>moral intuition, is based on the emotion-laden moral behaviors that 
>evolved before the development of language. The modern system ? he 
>calls it moral judgment ? came after language, when people became 
>able to articulate why something was right or wrong.
>The emotional responses of moral intuition occur instantaneously ? 
>they are primitive gut reactions that evolved to generate 
>split-second decisions and enhance survival in a dangerous world. 
>Moral judgment, on the other hand, comes later, as the conscious 
>mind develops a plausible rationalization for the decision already 
>arrived at through moral intuition.
>Moral dumbfounding, in Dr. Haidt?s view, occurs when moral judgment 
>fails to come up with a convincing explanation for what moral 
>intuition has decided.
>So why has evolution equipped the brain with two moral systems when 
>just one might seem plenty?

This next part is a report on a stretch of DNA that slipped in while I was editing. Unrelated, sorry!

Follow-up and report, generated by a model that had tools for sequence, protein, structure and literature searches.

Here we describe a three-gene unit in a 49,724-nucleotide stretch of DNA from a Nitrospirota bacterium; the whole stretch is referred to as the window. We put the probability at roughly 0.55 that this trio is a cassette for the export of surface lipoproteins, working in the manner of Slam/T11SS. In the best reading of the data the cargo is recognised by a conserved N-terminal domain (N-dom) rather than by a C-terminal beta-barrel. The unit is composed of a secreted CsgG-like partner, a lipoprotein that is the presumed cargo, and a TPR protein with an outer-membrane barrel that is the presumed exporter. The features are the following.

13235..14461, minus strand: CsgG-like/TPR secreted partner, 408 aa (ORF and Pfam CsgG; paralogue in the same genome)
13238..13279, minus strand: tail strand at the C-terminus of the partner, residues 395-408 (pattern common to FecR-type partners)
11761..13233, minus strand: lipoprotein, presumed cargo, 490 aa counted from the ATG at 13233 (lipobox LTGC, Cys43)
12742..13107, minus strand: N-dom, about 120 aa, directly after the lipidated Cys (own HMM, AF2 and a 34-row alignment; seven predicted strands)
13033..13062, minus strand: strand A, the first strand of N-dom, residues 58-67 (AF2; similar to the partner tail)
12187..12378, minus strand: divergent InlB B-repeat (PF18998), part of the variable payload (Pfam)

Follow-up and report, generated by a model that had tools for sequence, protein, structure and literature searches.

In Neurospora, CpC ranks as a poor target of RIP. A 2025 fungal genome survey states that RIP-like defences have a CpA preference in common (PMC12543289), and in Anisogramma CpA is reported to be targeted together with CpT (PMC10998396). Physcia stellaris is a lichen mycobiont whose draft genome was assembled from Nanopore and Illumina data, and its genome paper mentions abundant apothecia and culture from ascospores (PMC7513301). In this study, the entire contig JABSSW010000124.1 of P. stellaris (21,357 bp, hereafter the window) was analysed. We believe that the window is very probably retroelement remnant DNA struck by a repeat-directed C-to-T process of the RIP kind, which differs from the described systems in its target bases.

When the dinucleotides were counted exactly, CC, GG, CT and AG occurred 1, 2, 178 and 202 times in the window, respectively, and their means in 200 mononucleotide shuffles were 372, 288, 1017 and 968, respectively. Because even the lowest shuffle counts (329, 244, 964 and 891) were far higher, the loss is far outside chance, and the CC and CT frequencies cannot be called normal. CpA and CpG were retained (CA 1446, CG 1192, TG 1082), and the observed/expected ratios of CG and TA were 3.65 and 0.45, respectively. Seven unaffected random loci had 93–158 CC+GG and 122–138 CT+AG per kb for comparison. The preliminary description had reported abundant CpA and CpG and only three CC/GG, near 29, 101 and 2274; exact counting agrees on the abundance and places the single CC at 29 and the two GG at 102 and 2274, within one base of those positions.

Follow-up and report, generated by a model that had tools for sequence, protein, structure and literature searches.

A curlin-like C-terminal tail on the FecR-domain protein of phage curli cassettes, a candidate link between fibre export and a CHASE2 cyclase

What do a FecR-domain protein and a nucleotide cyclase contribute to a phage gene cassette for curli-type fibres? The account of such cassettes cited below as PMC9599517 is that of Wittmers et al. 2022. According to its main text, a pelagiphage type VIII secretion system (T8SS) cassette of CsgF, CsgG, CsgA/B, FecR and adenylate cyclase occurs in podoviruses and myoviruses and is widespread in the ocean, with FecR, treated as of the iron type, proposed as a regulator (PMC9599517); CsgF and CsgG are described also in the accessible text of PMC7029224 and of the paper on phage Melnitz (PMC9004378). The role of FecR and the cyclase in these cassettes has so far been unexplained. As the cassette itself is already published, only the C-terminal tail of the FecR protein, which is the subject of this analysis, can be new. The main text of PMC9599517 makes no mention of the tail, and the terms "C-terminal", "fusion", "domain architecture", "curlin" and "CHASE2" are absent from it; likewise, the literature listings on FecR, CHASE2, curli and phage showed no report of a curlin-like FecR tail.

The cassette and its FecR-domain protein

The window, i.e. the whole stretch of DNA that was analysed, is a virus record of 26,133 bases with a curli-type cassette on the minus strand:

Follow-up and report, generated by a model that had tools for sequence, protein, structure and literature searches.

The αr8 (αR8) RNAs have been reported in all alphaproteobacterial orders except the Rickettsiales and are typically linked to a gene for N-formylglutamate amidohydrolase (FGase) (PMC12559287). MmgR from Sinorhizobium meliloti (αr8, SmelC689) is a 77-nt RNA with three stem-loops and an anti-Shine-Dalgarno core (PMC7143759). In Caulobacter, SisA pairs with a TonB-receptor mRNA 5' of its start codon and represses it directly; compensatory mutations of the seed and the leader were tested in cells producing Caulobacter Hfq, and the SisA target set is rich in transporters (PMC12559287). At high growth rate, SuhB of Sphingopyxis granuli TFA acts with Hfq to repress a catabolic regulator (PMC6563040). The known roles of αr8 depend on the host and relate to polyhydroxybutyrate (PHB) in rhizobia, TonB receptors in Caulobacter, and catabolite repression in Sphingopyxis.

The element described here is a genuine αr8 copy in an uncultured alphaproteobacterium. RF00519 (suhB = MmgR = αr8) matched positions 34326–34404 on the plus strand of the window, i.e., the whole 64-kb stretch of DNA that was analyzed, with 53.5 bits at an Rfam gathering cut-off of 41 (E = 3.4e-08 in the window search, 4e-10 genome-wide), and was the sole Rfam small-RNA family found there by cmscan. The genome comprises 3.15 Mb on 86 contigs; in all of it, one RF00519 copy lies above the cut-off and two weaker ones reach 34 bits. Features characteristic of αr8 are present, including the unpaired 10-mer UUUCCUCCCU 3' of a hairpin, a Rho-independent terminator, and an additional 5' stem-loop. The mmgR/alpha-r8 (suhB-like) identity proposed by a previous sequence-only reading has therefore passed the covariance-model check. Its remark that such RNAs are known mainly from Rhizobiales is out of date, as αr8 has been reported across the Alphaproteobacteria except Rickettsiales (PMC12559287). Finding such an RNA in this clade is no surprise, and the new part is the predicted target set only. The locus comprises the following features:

>?We have a complex animal mind that only recently evolved language 
>and language-based reasoning,? Dr. Haidt said. ?No way was control 
>of the organism going to be handed over to this novel faculty.?
>He likens the mind?s subterranean moral machinery to an elephant, 
>and conscious moral reasoning to a small rider on the elephant?s 
>back. Psychologists and philosophers have long taken a far too 
>narrow view of morality, he believes, because they have focused on 
>the rider and largely ignored the elephant.
>Dr. Haidt developed a better sense of the elephant after visiting 
>India at the suggestion of an anthropologist, Richard Shweder. In 
>Bhubaneswar, in the Indian state of Orissa, Dr. Haidt saw that 
>people recognized a much wider moral domain than the issues of harm